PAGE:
COLLEGE STATION — Pickups and other “tough” vehicles have generally replaced the horse in today’s world, but there is still a problem of being “bucked off” or more specifically “bucked out.”
Twentieth century “horse power,” whether it be a Ram, Bronco, Silverado, Cherokee or some other brand must be respected and proper precautions taken. The Texas Agricultural Extension Service’s Passenger Safety Education Project has coordinated with the Texas Department of Transportation to demonstrate what can happen to unbelted occupants in a rollover motor vehicle crash.
The demonstration equipment is appropriately named the “Roll-over Convincer.” The convincer is used to show how vehicle occupants can be tossed about or even thrown from a motor vehicle in a roll-over crash when they are not wearing their safety belts. It then is used to demonstrate how occupants wearing safety belts are held in place inside the safety cage of the cab as the vehicle rolls.
Why all the fuss about roll-over crashes?
Vehicle rollovers are a dominant rural roadside safety problem. Federal Highway Safety Information System data shows that rural “ran- off-road” (ROR) crashes are three and a half times more likely to result in a rollover than urban ROR crashes. Rural roadsides often have steep slopes, ditches, or embankments which contribute to the rollover risk. Vans, straight trucks, and pickups have the highest rollover rate.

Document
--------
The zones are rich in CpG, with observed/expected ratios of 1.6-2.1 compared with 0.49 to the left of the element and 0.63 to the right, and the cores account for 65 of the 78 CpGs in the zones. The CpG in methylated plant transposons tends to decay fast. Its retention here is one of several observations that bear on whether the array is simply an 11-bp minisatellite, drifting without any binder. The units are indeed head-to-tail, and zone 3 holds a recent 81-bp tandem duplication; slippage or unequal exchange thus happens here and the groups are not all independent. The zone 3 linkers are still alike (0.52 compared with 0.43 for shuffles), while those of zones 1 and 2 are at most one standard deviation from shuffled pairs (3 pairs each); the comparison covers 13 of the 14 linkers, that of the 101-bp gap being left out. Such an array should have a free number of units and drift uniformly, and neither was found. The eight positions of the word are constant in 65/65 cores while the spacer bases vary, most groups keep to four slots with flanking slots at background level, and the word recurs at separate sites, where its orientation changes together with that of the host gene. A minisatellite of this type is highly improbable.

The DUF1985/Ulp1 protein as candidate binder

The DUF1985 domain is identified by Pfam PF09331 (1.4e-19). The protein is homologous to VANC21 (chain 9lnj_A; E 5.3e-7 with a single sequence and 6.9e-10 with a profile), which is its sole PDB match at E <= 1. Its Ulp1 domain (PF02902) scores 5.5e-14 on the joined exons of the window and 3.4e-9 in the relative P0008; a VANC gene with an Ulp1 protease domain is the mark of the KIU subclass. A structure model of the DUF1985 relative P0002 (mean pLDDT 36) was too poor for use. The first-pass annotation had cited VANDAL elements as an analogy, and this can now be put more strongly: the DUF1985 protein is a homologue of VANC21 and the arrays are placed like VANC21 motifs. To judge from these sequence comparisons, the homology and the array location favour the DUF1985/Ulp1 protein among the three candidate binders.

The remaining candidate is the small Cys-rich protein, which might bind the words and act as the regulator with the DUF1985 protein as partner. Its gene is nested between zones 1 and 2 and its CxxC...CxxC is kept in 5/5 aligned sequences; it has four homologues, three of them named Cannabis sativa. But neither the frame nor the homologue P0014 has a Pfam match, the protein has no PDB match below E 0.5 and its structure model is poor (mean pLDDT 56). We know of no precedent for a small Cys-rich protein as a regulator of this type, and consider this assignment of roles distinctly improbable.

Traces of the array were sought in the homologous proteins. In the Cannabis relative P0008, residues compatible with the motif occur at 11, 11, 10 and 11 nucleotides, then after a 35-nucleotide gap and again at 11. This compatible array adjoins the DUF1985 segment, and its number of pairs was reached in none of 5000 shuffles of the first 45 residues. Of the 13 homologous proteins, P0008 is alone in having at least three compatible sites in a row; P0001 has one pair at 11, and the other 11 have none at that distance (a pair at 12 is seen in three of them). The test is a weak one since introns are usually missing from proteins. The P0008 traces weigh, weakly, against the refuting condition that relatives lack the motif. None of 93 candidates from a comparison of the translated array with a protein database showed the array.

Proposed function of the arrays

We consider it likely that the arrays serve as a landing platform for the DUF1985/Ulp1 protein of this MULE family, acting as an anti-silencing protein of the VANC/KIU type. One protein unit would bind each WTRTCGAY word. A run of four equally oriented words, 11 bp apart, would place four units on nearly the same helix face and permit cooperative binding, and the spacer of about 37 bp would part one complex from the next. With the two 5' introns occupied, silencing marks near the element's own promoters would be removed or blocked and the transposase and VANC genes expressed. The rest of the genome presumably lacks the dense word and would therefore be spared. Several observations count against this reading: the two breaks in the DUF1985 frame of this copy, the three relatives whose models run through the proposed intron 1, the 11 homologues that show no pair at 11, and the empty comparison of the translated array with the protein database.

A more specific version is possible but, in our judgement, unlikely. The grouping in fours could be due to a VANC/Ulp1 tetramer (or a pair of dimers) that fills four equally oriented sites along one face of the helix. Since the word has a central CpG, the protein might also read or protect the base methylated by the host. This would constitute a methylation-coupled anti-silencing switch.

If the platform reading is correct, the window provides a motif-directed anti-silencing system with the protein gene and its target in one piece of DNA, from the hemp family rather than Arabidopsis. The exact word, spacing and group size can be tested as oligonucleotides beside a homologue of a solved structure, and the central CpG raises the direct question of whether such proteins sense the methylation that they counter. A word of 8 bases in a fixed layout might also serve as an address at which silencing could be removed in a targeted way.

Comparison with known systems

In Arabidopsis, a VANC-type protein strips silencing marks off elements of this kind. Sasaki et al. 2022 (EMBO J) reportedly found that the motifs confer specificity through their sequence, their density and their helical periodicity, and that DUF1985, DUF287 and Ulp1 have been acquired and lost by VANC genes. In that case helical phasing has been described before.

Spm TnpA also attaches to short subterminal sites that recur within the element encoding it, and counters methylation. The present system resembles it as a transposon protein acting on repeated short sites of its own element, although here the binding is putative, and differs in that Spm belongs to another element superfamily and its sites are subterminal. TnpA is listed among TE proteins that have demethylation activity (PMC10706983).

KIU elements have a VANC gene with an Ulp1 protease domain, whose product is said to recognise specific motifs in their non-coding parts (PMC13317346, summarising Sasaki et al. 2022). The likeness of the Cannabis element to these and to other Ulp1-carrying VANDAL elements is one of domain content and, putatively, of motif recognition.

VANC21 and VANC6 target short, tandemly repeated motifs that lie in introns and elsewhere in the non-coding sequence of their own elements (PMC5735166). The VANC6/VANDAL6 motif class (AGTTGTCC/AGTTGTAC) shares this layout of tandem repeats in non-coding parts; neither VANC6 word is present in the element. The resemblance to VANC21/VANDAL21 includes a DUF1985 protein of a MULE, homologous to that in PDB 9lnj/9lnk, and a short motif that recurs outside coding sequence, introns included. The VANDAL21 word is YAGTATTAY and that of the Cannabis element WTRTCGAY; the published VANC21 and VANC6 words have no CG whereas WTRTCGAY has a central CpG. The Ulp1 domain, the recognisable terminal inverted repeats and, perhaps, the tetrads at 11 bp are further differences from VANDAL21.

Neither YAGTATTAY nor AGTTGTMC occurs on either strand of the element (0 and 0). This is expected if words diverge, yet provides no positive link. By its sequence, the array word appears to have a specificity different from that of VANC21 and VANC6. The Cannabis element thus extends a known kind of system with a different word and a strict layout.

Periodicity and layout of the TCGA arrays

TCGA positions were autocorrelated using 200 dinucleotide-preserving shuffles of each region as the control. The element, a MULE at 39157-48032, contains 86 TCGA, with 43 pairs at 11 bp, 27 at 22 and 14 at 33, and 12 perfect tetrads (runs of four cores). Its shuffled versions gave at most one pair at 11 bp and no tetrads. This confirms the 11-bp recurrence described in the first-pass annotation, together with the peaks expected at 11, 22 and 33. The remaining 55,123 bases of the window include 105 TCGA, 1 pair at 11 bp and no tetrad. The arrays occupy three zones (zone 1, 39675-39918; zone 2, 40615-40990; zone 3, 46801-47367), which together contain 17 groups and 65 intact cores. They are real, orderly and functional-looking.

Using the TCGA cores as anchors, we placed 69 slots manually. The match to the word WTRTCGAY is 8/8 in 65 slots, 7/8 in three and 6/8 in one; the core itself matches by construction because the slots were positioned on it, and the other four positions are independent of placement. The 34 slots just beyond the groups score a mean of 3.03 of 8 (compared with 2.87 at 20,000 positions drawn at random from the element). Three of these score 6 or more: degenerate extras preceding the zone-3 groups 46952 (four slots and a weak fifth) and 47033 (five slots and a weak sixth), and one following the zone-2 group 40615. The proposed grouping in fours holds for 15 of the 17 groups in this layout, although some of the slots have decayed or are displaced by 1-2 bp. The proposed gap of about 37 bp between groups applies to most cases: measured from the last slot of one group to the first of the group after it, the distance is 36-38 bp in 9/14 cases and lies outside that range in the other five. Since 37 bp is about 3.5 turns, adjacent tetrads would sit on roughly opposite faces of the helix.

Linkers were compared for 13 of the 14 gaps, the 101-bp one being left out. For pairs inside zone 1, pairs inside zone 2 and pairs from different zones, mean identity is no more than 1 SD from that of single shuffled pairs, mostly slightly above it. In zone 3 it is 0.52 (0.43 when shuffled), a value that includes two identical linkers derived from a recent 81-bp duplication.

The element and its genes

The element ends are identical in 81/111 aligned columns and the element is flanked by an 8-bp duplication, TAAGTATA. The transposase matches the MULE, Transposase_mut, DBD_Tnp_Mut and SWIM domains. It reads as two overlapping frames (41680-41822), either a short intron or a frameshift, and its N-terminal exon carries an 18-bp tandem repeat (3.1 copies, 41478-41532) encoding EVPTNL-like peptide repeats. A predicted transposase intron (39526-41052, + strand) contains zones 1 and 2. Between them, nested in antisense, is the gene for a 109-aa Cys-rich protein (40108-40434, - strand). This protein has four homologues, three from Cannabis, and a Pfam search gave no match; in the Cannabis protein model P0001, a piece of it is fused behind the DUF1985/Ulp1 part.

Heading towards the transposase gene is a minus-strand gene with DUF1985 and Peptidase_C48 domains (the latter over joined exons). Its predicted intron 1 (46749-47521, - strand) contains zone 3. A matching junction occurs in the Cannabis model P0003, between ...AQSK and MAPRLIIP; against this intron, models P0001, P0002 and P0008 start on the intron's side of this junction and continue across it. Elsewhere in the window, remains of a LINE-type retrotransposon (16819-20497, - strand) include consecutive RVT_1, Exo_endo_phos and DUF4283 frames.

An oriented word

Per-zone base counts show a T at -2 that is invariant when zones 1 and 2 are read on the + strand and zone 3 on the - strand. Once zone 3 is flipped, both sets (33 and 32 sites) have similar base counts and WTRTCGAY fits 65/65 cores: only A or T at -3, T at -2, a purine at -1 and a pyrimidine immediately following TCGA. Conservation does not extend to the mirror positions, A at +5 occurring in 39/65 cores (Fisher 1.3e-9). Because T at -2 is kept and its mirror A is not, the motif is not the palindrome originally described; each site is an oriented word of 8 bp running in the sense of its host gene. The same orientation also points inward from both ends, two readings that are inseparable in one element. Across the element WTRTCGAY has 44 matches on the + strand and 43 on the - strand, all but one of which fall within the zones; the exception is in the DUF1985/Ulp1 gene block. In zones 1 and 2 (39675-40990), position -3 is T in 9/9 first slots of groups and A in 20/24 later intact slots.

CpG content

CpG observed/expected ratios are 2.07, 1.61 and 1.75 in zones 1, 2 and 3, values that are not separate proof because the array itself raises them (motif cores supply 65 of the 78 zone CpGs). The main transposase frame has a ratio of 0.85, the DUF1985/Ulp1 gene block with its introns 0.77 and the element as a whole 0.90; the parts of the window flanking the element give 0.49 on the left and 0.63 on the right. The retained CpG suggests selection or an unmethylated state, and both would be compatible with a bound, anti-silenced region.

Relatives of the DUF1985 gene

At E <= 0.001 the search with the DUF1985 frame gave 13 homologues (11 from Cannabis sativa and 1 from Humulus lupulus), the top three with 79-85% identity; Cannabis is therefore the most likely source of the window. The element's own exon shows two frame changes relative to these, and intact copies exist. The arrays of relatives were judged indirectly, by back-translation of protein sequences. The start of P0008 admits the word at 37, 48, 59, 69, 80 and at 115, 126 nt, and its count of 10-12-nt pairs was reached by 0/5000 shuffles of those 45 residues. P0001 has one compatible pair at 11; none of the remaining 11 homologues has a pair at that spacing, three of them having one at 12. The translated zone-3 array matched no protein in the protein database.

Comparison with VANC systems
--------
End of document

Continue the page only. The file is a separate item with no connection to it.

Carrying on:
During 1994, 494 people died in pickup truck crashes in rural areas of Texas. Eighty of the pickup crashes in rural areas involved an overturn or rollover. Another 108 crashes involved collision with a fixed object. How many of these crash fatalities involved ejection because people were not wearing their safety belt?
Front seat occupants are two to four times more likely to be fatally injured if ejected during a crash (National Highway Traffic Safety Administration 1994 Sampler) whether it be a rollover or a frontal collision with a fixed object.
In 1994, observational surveys of more than 3,621 urban pickup truck occupants in 18 Texas cities showed a safety belt usage rate of 64 percent (about 20 percentage points lower than passenger vehicles). However, studies conducted in 25 rural towns of Texas showed that only 36 percent of the 1,942 pickup truck occupants observed were buckling up.
Unfortunately, other states show similar low usage rates. Most states have seat belt laws that require pickup truck occupants to buckle up. However, this should not be the issue. The key issue is that safety belts when worn correctly can save lives and prevent serious injuries. This is even true for drivers and passengers of the large pickups that are not required by law to buckle up.
What does it take to convince pickup drivers and occupants to buckle up? We must be personally responsible for buckling up whether it’s the law or not.